He joined the National Guard in 1995, was called up to active duty in 1996, and did four Army tours in Afghanistan and two in Iraq. Pilgreen wound up at Fort Drum, where he was forced to retire in 2015, and he spent a couple years struggling to cope with life, and what his future held, as post-traumatic stress disorder nearly overtook him.

“It took me a good year after I retired for it to finally hit,” Pilgreen said of PTSD. “I wasn’t planning on retiring, it was forced, and that’s when everything started to catch up to me.”

He had relocated to Rochester in 2016 when he found that the veteran support center here was “much better than the one at Fort Drum” and it was here where he learned of Battlefields to Ballfields.

“I was looking for something to do,” said Pilgreen, who now works as an independent contractor for Corporate America Supports You, a military-affiliated nonprofit organization that provides employment-seeking services for veterans. “I was struggling with PTSD, I was struggling with depression, and I needed something to focus on, to take my mind off everything else. I was looking for programs for veterans to get into and this was perfect. I signed up, and within two weeks I was approved.”

Pilgreen is now officiating area football, basketball and baseball games at the JV level and below, though this fall he’ll be moving up to varsity football.

“Jamaison is a classic example,” Pereira said of the type of person he hopes to help. “His fiancée (Lisa Deutsch) was with us and she said, ‘You saved his life. He’s a different man.’ She said he was so low, so depressed, suicidal thoughts, and here he is now walking around officiating three sports and feeling good about himself. It’s an unbelievable story. That’s why I do it, that’s why we have the foundation, for guys like Jamaison who really were struggling.”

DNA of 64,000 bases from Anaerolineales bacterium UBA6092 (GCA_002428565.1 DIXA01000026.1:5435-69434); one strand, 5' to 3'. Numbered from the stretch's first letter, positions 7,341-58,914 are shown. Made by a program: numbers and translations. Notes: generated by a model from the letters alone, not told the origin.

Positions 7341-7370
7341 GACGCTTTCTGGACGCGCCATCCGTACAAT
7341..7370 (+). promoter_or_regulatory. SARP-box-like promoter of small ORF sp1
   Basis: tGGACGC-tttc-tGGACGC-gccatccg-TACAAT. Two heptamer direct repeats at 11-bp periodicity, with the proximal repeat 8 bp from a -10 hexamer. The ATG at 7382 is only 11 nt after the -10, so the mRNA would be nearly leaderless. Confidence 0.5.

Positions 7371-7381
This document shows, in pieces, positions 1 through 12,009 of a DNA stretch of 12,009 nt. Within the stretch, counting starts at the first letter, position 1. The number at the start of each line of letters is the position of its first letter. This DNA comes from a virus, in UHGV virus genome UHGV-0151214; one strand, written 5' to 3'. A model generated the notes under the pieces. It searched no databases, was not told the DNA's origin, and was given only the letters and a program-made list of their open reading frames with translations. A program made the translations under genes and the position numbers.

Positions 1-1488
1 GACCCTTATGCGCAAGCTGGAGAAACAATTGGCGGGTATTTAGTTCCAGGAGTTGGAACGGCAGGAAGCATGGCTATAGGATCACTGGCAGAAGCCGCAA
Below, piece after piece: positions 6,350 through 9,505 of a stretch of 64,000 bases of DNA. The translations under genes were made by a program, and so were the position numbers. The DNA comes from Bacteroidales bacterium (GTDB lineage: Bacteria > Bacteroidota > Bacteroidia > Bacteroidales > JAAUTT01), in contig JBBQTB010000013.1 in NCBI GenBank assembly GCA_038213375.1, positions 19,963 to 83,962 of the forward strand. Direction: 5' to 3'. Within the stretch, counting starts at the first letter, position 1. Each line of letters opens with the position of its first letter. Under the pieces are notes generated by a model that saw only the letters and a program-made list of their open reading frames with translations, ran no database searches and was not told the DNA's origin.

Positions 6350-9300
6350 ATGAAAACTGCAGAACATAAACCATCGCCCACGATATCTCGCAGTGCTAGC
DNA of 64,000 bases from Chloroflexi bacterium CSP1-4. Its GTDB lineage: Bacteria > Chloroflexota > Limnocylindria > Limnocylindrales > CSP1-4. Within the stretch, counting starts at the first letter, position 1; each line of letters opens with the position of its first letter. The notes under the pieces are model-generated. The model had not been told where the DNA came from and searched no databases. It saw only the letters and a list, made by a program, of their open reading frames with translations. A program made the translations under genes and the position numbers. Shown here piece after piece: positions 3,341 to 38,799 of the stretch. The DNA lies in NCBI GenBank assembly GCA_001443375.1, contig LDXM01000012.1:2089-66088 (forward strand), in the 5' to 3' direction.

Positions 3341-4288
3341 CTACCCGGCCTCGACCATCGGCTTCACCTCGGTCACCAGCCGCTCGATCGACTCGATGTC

Mike Pereira seen in 2017. (Photo: Kirby Lee, USA TODAY Sports)

One thing Pereira loves about getting vets into officiating is that of all the people out there equipped to ignore the abuse, it’s them.

“They’ve been yelled at by worse than the parents, and they’ve been under more pressure than anyone on a football field or basketball court,” said Pereira. 

To which Pilgreen smiled and agreed, thinking back on countless drill sergeants and other military leaders he has encountered. “No coach or parent is going to say something to me that, I won’t say push a button, but we’re much more lenient on what we let them get away with before we get to the point where it’s, ‘OK, enough,’ ” he said.

Crazy parents and aggressive coaches aside, Pilgreen loves officiating, mainly because of how it helped him reset his life, and that’s what Pereira’s primary mission was when he began Battlefields to Ballfields.

“Some days I don’t see it, but those that know me and see me every day, they say my smile is back, my demeanor and attitude has changed, and I know I can do whatever I need to do,” Pilgreen said. “This has given me a purpose outside of the day-to-day work.”

Pereira has had a tremendously successful career on the field and off, but of Battlefields to Ballfields, he said, “It’s been the most gratifying thing I’ve ever done. This means so much more to me.”